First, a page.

Blood Pressure, Hypertension and The Risk of Aortic Dissection Incidence and Mortality: results from the Japan-Specific Health Checkups Study, the UK Biobank Study and a Meta-analysis of Cohort Studies

Circulation. 2021 Nov 8. doi: 10.1161/CIRCULATIONAHA.121.056546. Online ahead of print.

Abstract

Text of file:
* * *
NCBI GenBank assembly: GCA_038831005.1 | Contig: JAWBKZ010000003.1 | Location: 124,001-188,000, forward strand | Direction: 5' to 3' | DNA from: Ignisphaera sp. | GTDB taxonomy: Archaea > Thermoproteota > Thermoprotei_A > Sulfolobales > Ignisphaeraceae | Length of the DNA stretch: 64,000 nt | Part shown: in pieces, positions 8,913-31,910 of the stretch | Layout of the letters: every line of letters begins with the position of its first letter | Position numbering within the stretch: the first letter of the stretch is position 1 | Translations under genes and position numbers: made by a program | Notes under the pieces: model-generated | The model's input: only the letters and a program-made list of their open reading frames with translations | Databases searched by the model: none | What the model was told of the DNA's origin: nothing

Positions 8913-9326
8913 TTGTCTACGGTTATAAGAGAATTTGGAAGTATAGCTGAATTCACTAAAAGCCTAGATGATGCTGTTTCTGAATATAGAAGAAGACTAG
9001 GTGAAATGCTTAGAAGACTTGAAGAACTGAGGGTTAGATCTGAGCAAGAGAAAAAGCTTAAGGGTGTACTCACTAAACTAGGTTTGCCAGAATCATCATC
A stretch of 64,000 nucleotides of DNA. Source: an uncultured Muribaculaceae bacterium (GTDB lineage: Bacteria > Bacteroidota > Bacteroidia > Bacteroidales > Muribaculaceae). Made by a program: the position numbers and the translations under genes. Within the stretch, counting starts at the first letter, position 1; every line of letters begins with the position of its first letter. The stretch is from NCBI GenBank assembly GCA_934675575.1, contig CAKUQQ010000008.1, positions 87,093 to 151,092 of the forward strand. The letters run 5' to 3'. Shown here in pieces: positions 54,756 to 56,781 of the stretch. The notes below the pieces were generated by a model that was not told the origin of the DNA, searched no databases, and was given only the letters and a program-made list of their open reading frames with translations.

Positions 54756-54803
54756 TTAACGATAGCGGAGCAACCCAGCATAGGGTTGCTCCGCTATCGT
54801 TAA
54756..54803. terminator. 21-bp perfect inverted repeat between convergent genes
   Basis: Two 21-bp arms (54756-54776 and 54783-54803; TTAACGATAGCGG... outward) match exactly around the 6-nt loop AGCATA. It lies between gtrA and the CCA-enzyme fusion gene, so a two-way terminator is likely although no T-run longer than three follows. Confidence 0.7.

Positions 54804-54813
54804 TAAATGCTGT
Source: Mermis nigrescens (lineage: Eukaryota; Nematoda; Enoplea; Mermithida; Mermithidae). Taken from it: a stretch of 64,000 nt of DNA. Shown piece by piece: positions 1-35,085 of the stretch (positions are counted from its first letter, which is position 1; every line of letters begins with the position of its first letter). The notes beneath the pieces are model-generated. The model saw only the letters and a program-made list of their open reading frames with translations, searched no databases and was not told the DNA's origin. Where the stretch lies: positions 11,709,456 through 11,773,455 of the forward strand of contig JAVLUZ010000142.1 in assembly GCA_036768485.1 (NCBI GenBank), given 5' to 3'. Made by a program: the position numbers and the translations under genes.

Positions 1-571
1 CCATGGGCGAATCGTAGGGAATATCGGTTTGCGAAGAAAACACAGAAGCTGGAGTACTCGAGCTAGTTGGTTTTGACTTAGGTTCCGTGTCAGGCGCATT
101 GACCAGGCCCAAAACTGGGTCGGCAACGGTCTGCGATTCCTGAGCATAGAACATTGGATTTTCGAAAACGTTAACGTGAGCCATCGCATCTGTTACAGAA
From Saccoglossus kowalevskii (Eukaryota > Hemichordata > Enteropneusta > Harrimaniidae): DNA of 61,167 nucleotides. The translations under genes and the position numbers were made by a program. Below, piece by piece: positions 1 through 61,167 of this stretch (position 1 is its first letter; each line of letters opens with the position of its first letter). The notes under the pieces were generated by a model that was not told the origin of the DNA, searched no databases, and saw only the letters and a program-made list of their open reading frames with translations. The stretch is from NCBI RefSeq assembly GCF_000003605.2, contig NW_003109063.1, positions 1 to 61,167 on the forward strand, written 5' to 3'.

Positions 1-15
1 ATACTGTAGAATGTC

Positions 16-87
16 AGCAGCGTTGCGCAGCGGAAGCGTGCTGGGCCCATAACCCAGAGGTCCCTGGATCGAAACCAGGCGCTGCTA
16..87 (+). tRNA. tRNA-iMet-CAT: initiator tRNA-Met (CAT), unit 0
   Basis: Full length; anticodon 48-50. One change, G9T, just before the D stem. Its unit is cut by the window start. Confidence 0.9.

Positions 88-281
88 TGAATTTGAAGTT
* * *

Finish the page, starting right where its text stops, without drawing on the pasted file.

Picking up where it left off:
Background: Hypertension or elevated blood pressure (BP) is an important risk factor for aortic dissection (AD); however, few prospective studies concerning this topic have been published. We investigated the association between hypertension/elevated BP and AD in two cohorts and conducted a meta-analysis of published prospective studies, including these two studies. Methods: We analyzed data from the Japan Specific Health Checkups (J-SHC) Study and UK Biobank, which prospectively followed 534,378 and 502,424 participants, respectively. Multivariable Cox regression was used to estimate hazard ratios (HRs) and 95% confidence intervals (95% CIs) for the association of hypertension/elevated BP with AD incidence in the UK Biobank and AD mortality in the J-SHC Study. In the meta-analysis, summary relative risks (RRs) were calculated using random effects models. A potential nonlinear dose-response relationship between BP and AD was tested using fractional polynomial models, and the best-fitting second-order fractional polynomial regression model was determined. Results: In the J-SHC Study and UK Biobank, there were 84 and 182 ADs during 4- and 9-year follow-up, and the adjusted HRs of AD were 3.57 (95% CI, 2.17-6.11) and 2.68 (95% CI: 1.78-4.04) in hypertensive individuals, 1.33 (95% CI: 1.05-1.68) and 1.27 (95% CI: 1.11-1.48) per 20-mmHg increase in systolic BP (SBP), and 1.67 (95% CI: 1.40-2.00) and 1.66 (95% CI: 1.46-1.89) per 10-mmHg increase in diastolic BP (DBP), respectively. In the meta-analysis, the summary RRs were 3.07 (95% CI 2.15-4.38, I2=76.7%, n=7 studies, 2,818 ADs, 4,563,501 participants) for hypertension and 1.39 (95% CI: 1.16-1.66, I2=47.7%, n=3) and 1.79 (95% CI: 1.51-2.12, I2=57.0%, n=3) per 20-mmHg increase in SBP and per 10-mmHg in DBP, respectively. The AD risk showed a strong, positive dose-response relationship with SBP and even more so with DBP. The risk of AD in the nonlinear dose-response analysis was significant at SBP >132 mmHg and DBP >75 mmHg. Conclusions: Hypertension and elevated SBP and DBP are associated with a high risk of AD. The risk of AD was positively dose-dependent, even within the normal BP range. These findings provide further evidence for the optimization of BP to prevent AD.